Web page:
# Reproducing Kernel Hilbert Space

Since writing about the simulation of fractional Brownian motion, I’ll spend an hour to write RKHS.

Definition: A Hilbert space $\mathcal{H}$ is a RKHS if $|\mathcal{F}_t[f]|=|f(t)|\leq M\|f\|_{\mathcal{H}}, \forall f\in \mathcal{H}$

Theorem: If $\mathcal{H}$ is a RKHS, then for each $t \in X$ there exists a function $K_t \in \mathcal{H}$ (called the representer of $t$) with the reproducing property

$\mathcal{F}_t[f]=_{\mathcal{H}}=f(t), \forall f\in\mathcal{H}$

Therefore, $K_t(t^{'})=_{\mathcal{H}}$.

Definition: $K: X\times X\rightarrow\mathbb{R}$ is a reproducing kernel if it’s symmetric and positive definite.

Theorem: A RKHS defines a corresponding reproducing kernel. Conversely, a reproducing kernel defines a unique RKHS.

Once we have the kernels, if $f(\cdot)=\sum \alpha_i K(t_i,\cdot), g(\cdot)=\sum \beta_i K(t^{'}_i,\cdot)$,

then $_{\mathcal{H}}=\sum\sum \alpha_i \beta_j K(t_i, t^{'}_j)$

When it comes to the fractional Brownian motion

Theorem: For fBm RKHS $K(x,x^{'})=R(x,x^{'})$ is symmetric and positive definite, , there exists $K^H(x,\cdot)$ s.t $K(x,x^{'})=\int K^H(x,y)K^H(x^{'},y)dy$

Take Wiener integral as an example:

$\begin{pmatrix} \textit{dual space}&\textit{inner product}&E&\leftrightarrow&<\cdot,\cdot>_{\mathcal{H}}&\leftrightarrow&<\cdot,\cdot>_{L^{2}}\\ \delta_{t}(\cdot)& &B^H_t&\leftrightarrow&R(\cdot,t)&\leftrightarrow&K^H(t,\cdot)\\ f(\cdot)& &\textit{"}\int_0^T f(t)B^H_tdt\textit{"}&\leftrightarrow&K^H\circ(K^H)^{*}f&\leftrightarrow&(K^H)^{*}f \end{pmatrix}$

where $K^H\circ f(t)=\int_0^T K^H(t,s)f(s)ds$,

$(K^H)^{*}\circ f(t)=\int_0^T K^H(s,t)f(s)ds$ and

$K^H\circ(K^H)^{*}f(t)=\int_0^T R(t,s)f(s)ds$

For example, when $H=\frac{1}{2}$, $K^H(t,s)=1_{[0,t]}(s),$, we can check

$E(B_tB_s)=_{\mathcal{H}}=<1_{[0,t]}(\cdot),1_{[0,s]}(\cdot)>_{L^2}$

Claim: By previous theorem, the reproducing kernel $R(t,s)$ uniquely defines a RKHS $L(R(t,\cdot))$ with the inner product $\mathcal{H}$

# how to simulate a fractional Brownian motion?

A fractional Brownian motion $B^H_t$is a Gaussian process satisfying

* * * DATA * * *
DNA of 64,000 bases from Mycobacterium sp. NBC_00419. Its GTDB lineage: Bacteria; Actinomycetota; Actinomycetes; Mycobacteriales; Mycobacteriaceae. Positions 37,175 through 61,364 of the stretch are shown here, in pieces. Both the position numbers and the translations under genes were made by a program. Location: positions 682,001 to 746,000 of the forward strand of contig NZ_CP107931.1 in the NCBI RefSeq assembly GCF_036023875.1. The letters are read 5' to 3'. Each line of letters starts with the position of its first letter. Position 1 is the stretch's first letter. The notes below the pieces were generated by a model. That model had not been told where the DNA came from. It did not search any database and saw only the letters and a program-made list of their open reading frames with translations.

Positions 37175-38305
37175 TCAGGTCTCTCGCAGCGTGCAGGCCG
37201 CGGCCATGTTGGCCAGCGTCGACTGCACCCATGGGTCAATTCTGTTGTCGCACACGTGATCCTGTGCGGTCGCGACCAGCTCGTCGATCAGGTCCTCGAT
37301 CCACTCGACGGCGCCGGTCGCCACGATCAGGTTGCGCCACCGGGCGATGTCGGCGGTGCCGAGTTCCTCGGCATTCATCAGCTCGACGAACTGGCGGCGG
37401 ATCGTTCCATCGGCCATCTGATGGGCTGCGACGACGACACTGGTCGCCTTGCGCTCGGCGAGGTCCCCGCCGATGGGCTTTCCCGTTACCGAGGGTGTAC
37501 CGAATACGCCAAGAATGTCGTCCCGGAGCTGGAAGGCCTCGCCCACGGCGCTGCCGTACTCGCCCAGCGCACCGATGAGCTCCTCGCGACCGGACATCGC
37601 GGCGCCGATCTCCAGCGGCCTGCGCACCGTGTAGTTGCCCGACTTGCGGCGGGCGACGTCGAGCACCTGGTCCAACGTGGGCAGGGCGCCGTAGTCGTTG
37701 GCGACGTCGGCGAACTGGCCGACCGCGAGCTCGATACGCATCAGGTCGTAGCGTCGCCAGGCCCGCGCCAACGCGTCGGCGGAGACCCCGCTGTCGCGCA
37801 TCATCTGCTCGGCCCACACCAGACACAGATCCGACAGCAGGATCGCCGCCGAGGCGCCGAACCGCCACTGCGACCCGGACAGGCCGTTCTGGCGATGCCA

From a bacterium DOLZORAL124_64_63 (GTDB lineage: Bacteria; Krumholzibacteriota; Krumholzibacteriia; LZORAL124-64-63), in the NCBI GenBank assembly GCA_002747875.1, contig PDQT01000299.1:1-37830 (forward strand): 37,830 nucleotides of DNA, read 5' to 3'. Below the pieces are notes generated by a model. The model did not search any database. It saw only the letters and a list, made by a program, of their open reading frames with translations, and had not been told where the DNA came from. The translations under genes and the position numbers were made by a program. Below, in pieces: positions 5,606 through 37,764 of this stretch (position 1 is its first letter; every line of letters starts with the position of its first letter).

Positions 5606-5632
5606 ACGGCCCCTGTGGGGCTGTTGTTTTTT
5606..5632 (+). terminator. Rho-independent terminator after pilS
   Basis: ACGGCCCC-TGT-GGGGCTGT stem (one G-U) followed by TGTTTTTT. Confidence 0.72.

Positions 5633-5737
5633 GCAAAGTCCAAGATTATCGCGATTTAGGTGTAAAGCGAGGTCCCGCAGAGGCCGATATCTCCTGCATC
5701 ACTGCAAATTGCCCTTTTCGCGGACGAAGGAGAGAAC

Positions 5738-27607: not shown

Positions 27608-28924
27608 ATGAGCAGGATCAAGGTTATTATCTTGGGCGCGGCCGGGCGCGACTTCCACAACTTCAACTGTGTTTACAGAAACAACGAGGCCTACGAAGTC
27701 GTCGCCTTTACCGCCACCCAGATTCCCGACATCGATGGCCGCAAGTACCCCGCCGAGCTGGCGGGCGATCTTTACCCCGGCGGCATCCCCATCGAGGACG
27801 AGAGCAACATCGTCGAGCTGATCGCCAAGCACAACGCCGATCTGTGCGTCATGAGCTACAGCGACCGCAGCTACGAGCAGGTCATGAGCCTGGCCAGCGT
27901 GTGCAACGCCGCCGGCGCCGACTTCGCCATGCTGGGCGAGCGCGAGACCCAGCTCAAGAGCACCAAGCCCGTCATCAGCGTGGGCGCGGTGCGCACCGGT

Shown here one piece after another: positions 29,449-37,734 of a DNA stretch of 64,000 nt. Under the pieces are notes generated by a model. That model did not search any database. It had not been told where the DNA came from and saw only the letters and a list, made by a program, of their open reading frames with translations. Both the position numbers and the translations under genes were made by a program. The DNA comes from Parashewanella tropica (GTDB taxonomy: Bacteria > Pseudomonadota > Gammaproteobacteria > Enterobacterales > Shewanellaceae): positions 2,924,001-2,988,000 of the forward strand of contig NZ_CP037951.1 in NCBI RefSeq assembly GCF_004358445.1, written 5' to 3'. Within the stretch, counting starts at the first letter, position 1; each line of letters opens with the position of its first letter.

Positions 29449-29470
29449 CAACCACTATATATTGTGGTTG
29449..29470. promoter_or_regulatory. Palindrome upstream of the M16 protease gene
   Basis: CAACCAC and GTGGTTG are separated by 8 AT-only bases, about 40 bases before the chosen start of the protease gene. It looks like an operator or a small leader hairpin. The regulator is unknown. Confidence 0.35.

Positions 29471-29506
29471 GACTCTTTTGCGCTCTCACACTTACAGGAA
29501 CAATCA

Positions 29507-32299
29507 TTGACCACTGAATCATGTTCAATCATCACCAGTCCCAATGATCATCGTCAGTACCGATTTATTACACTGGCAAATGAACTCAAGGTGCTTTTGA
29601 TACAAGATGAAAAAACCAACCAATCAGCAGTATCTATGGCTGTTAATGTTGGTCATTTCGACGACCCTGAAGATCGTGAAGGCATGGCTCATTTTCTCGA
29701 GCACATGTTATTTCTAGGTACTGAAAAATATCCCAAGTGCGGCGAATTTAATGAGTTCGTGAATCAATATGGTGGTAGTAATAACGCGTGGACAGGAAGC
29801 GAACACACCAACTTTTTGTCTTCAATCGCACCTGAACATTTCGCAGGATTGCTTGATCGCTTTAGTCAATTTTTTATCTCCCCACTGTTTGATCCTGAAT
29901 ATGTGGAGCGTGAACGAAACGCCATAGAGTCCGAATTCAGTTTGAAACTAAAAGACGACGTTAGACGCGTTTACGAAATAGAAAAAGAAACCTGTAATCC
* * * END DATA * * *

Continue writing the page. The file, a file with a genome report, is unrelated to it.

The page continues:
a) $B^H_0=0$

b) $B^H_t$ is Gaussian

c) $E(B^H_tB^H_s)=R(t,s)=\frac{1}{2}(t^{2H}+s^{2H}-|t-s|^{2H})$

As for simulation, we just need to simulate the correlated Gaussian $(\Delta B^H_{t_1},\dots,\Delta B^H_{t_n})\sim N(0,\Sigma)$, where

$t_i=i*T/n=i \Delta t$,

$\Delta B^H_{t_i}=B^H_{t_i}-B^H_{t_{i-1}}, i=1,\dots,n$,

$\Sigma_{i,j}=E(B^H_{t_i}B^H_{t_j})=\frac{\Delta t^{2H}}{2}((i-j+1)^{2H}+(i-j-1)^{2H}-2(i-j)^{2H})$

Now the question is just simulating $L'\cdot N(0,I_{n\times n})$ where $L$ is the Cholesky decomposition of $\Sigma$, i.e ($\Sigma=L'L$)

Method 1: find $\Sigma$ first and then use Cholesky decomposition to compute $L$. This works theoretically, but not practically because it’s too time and space costy to record $\Sigma$, not to mention decomposition step.

Method 2:

We denote $\lambda(k)=\frac{(\Delta t)^{2H}}{2}((k+1)^{2H}+(k-1)^{2H}-2k^{2H})=\Sigma_{i,i+k}$

Denote a circulant matrix

$C=\begin{pmatrix}\lambda(0)&\lambda(1)&\lambda(2)&\dots&\lambda(n-1)&\lambda(n-2)&\dots&\lambda(1)\\ \lambda(1)&\lambda(0)&\lambda(1)&\dots&\lambda(n-2)&\lambda(n-1)&\dots&\lambda(2)\\ \lambda(2)&\lambda(1)&\lambda(0)&\dots&\lambda(n-3)&\lambda(n-2)&\dots&\lambda(3)\\ \vdots&\vdots&\vdots&\ddots&\dots&\dots&\dots&\dots\\ \lambda(n-1)&\lambda(n-2)&\lambda(n-3)&\dots&\lambda(0)&\lambda(1)&\dots&\lambda(n-2)\\ \dots \end{pmatrix}_{2n-2\times 2n-2}$

of which $\Sigma$ is the left up $n\times n$ block matrix.

The idea is, suppose $C=DD^*=(D_1+iD_2)*(D_1^T-i D_2^T)$where $D_1, D_2 \in \mathbb{R}^{2n-2\times 2n-2}$, now if we generate $i.i.d \quad \epsilon^1,\epsilon^2\sim N(0,I_{2n-2,2n-2})$,

We can conclude that

denote $X_1+iX_2=D*(\epsilon^1+i\epsilon^2)=D_1\epsilon^1-D_2\epsilon^2+i(D_2\epsilon^1+D_1\epsilon^2)\in \mathbb{R}^{2n-2,1}$, then $X_1[1:n]\sim N(0,\Sigma)$ and $X_2[1:n]\sim N(0,\Sigma)$

let Q is the unitary matrix defined by

$Q_{j,k}=(2n-2)^{-1/2}exp(-2i\pi\frac{jk}{2n-2})$ and thus $D=Q*\Lambda^{\frac{1}{2}}$

so how to achieve $\Lambda$? The property of circulant matrix shows that

$\lambda_k=\sum_{j=1}^{2n-2}c_j exp(-2i\frac{jk}{2n-2})$, i.e

$\Lambda=Q*\begin{pmatrix}\lambda(0)&\lambda(1)&\lambda(2)&\dots&\lambda(n-1)&\lambda(n-2)&\dots&\lambda(1)\\ \end{pmatrix}^{'}$ that can be achieved by FFT.

Next, according to the idea stated before, $FFT(diag(\Lambda^{\frac{1}{2}})*(\epsilon^1+i\epsilon^2))=Q*diag(\Lambda^{\frac{1}{2}})*(\epsilon^1+i\epsilon^2)=X_1+iX_2$

And the first n component of $X_1$ will be $N(0,\Sigma)$

Reference : Coeurjolly, JF. Simulation and identification of the fractional Brownian motion

Matlab code:

function []=fBM(n,H)
r=nan(n+1,1); r(1) = 1;
for k=1:n
r(k+1) = 0.5*((k+1)^(2*H) – 2*k^(2*H) + (k-1)^(2*H));
end
r=[r; r(end-1:-1:2)]; % first rwo of circulant matrix
lambda=real(fft(r))/(2*n); % eigenvalues
W=fft(sqrt(lambda).*complex(randn(2*n,1),randn(2*n,1)));
W = n^(-H)*cumsum(real(W(1:n+1))); % rescale
plot((0:n)/n,W);
%Terminal=W(n+1);%terminal value of fBM
end

# comparison

I was trying to simulate something related to two dimensional brownian motion or fractional brownian motion.

As shown in the graph, can you tell the difference of these two sets of pictures?
At the first glance, they look the same, but actually, their underlying property are very
different. What is it ?